Dan Coffey isn’t expecting a Christmas card from Kansas City Mayor Sly James this year. Every time Mayor James turns around and tries to do something, Coffey’s organization, Citizens for Responsible Government, is there to remind him of the power of the people.
James is not a fan.
“He called us ‘CAVE-men,” Coffey told SamePageNation, referring to James’ assertion they were “Citizens Against Virtually Everything.”
“He just left off one letter,” he joked. “I told him he should be calling us ‘CAVES-men.’ Citizens Against Virtually Everything Stupid.”
A few years back, Coffey’s group was looking to effect some change in the Kansas City area, but he said they didn’t really know what change they wanted to tackle.
“We had had a couple of meeting when all of a sudden that airport thing came up,” he said.
The “airport thing” is the movement to renovate Kansas City International Airport, changing it from three terminals down to one. The cost for the project would be over a billion dollars. Coffey described what happened when his group participated in a meeting on the changes.
“We went to a couple meetings and at this one meeting, we were questioning the council person on the board and the aviation director,” he recalled. “They were asking them some pretty good questions. Some of the local TV stations. And they got kind of huffy.”
Then, one of Coffey’s associates asked a question.
“They said, ‘We’re gonna build this and you can’t stop us,'” he said. “So that’s kinda what got everybody started.”
Coffey said the next meeting they were discussing how they would stop it when someone suggested an initiative petition.
“We got it done. We got it passed. We took it to City Hall,” he said. “That was the first thing.”
But it wasn’t the last.
Coffey said the success of the effort against the airport helped grow the organization and while the group started out more conservative, it’s now more ideologically diverse.
“As our group grew, we realized we got more than conservatives in here. We got Democrats saying, ‘How can I help you on the airport?’ Liberals, libertarians. All kinds of people,” he said. “So we just decided to change our name to ‘Citizens for Responsible Government.’ And that’s how it all got started.
He said if someone were looking to do something similar in their city, there were two things they needed to do. First, find out if you can even do a petition.
“You got to get the city charter and you got to see if they have referendums,” he advised. “Do they have a petition process and then what are the rules and regulations that control that process?”
“The city charter will tell you how many signatures you have to get and how long you have to get them in.”
Once you find out if petitions are an option, find the right person to put pen to paper.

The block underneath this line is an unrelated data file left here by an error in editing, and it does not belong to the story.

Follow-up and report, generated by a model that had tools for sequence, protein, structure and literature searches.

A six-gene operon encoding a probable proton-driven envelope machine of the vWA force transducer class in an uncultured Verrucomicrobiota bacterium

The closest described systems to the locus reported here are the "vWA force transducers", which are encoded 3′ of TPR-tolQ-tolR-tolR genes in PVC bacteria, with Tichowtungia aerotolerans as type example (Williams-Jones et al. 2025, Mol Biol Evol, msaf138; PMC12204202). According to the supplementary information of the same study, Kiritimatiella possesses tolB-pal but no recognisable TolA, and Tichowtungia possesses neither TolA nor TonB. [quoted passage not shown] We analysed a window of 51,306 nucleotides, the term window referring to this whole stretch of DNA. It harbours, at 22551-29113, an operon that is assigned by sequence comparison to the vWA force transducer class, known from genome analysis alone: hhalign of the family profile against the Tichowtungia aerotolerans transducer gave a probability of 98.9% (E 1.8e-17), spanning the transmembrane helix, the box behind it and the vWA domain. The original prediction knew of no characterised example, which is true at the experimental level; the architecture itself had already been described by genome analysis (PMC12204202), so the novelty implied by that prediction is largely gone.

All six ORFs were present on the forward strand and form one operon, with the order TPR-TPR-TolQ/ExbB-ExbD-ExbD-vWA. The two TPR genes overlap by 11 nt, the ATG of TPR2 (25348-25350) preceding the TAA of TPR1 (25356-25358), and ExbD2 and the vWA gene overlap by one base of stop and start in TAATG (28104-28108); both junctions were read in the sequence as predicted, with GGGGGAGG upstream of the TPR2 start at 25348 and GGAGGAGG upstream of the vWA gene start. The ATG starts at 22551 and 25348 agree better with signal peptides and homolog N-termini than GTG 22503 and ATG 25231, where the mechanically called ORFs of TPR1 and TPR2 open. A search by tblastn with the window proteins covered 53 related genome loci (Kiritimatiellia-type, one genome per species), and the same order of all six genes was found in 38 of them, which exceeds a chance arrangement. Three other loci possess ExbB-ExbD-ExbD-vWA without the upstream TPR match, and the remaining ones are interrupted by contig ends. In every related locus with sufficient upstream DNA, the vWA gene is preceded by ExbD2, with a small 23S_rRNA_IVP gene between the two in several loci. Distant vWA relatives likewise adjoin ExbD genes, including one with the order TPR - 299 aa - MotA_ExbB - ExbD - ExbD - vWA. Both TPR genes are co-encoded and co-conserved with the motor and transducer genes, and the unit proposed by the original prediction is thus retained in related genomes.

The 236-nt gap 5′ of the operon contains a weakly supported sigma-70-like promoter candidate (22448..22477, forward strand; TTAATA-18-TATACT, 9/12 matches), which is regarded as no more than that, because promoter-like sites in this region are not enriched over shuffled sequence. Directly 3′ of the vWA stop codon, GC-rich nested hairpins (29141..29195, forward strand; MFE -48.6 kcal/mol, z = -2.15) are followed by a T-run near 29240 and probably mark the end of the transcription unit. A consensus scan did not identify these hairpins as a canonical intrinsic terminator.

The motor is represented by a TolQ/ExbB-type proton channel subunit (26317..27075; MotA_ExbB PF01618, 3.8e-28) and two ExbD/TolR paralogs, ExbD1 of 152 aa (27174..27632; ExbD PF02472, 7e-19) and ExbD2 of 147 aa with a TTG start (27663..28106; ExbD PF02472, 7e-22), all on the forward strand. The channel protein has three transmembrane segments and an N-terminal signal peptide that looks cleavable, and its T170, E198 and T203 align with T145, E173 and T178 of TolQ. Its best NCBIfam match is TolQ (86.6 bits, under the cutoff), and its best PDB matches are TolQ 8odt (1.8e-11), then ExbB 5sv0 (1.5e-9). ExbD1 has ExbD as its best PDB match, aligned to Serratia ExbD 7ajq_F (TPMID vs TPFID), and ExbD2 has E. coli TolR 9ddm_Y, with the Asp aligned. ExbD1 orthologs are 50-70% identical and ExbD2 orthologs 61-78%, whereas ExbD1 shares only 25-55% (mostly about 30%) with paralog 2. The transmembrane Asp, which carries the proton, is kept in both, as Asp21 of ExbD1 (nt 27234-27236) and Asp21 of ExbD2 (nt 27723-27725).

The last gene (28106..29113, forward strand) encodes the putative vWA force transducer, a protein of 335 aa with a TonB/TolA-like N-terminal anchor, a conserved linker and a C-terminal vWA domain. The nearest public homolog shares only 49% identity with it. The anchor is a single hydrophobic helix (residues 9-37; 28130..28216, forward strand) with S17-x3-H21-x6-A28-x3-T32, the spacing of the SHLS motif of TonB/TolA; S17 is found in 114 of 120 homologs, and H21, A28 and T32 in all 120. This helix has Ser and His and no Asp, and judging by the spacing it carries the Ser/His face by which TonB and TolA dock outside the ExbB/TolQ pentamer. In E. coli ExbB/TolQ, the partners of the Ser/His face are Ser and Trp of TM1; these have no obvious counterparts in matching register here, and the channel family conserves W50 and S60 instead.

“Make sure you have somebody competent enough to write it,” he said. “Then you get the wording right, you can take it down to City Hall and the City Attorney will look at it and tell you if he thinks you got it right or not. If it’s the first time, you might want to do that.”
Since the airport petition, Citizens for Responsible Government has tackled medical tax issues, street car projects and is now focusing on a huge pet project of the Mayor’s — an 800-room, $311 million hotel in Kansas City. $164 million of which will be public money.
Citizens for Responsible Government’s radical idea?
Put it to a public vote.
They gathered the required signatures and now the city council and Mayor James have to figure out how to deal with it.
Mayor James told the Kansas City Star Coffey’s name, when mentioned, evoked one word from him — concern.
“We spend a lot of time and work our tails off to do things that make sense for this city,” James told the Star. “If everything we do is subject to an initiative petition, then the people that we do business with will simply stop doing business with us.”
“I respect people’s right to voice their opinion, but I’m going to fight for what I believe in, and I’m going to fight for this hotel deal.”
He’ll have to fight for it, because Citizens for Responsible Government is going to make him.
“I call it democracy,” Coffey said. “As long as you have government that isn’t doing what the people elected them to do, make decisions that are in the best interest of the populace, you’re going to have initiative petitions.”
“It’s in the First Amendment of the Constitution.”
Coffey is demonstrating the kind of initiative SamePameNation advocates through our Direct Democracy portal. If you’re interested in taking action on a local level through a petition initiative, click here and let us know. We’ll help make it easy.